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Liberia officially declared Ebola free. What happens next?

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A year ago, Liberia’s capital, Monrovia recorded its first case of the Ebola virus. Since then, Liberia has suffered the highest number of Ebola cases and deaths of any country. But in May, Liberia was officially declared Ebola free.

Oxfam is so fortunate to have supporters  who respond with amazing generosity and passion when the worst happens. The news that Liberia is now Ebola free has given us hope for the people of West Africa, but our work isn’t finished. Oxfam staff on the ground have made it very clear that the impact of Ebola is not just counted in the number of deaths.

During the outbreak, local markets were empty because people stayed at home in fear. And if someone was infected, all their belongings were burned to stop Ebola spreading.

Lucy (pictured above) is a mother and the leader of a women’s savings group in Liberia. She’s one of the 62% of people in Liberia who had to spend their savings during the outbreak.

“We organised this group so we could help ourselves. Every month we pay money and then we divide it up to buy produce for our businesses — things like plantain, peppers, potato. But when Ebola came … we couldn’t get to the market and all the produce was spoiled.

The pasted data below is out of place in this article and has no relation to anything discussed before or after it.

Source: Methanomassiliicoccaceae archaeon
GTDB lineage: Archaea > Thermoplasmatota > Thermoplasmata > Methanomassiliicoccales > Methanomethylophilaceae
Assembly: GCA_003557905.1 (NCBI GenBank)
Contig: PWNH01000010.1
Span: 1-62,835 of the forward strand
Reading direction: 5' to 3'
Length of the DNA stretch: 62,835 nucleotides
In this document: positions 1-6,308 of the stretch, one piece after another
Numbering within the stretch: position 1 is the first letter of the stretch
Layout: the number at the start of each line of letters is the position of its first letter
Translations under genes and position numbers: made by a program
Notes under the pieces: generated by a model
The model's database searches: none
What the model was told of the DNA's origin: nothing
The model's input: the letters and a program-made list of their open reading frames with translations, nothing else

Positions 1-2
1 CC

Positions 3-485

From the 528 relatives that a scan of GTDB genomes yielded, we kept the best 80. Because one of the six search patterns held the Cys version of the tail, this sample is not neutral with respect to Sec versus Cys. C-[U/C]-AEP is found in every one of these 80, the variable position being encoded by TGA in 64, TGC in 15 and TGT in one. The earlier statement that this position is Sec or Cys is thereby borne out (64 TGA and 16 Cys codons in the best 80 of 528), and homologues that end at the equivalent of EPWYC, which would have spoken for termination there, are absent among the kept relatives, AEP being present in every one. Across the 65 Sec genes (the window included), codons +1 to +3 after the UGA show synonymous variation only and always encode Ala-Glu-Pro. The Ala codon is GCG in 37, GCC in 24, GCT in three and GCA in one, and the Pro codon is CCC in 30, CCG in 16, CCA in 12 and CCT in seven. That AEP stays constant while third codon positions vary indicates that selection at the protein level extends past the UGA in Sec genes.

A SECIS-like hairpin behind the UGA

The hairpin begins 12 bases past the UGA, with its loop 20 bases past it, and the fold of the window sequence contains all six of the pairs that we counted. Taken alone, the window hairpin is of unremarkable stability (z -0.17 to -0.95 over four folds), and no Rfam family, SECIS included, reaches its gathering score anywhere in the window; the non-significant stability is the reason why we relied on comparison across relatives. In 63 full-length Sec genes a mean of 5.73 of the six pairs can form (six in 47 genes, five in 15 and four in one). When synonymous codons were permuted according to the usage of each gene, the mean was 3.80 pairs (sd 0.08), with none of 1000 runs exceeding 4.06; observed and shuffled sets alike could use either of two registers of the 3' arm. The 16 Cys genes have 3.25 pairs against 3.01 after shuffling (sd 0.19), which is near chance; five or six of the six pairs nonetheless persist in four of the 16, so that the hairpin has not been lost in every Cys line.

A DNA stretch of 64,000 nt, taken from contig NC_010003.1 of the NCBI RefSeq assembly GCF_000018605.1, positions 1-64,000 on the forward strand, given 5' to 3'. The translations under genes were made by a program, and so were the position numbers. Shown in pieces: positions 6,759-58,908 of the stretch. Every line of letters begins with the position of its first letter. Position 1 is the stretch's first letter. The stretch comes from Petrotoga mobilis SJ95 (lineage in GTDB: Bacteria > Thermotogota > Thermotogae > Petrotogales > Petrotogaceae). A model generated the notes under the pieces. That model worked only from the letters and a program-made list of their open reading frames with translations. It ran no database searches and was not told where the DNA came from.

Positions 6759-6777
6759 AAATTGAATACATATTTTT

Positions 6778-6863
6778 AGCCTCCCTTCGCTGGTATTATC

“We used up all the savings so we could [buy] food for our children. Now that money is gone, we get wood from the forest and sell it to buy a cup of rice. It is very difficult work …”

Before Ebola, Liberia was already one of the poorest countries in the world — rated 175 out of 187 countries. Now they are even poorer and survivors like Lucy face a huge challenge.

We would love for you to join Oxfam’s dedicated group of Emergency 365 supporters. They help women like Lucy through a monthly donation to support Oxfam’s emergency work all around the world.

By becoming an Emergency 365 monthly supporter, your regular support will help in three incredible ways:

1. You’ll fund emergency response teams who can respond within 24 hours of a natural disaster, outbreak of disease or conflict.

2. You’ll ensure Oxfam can stay for the long haul, to help people rebuild their homes, livelihoods and communities so they don’t fall back into poverty.

3. And you’ll support Oxfam’s disaster preparedness work, which helps save lives by training and equipping communities before a disaster happens.

In the coming months and years, Oxfam needs to help Ebola survivors like Lucy to rebuild. In Liberia alone, we plan to build proper water and sanitation facilities, improve health services and provide training for women to earn an income.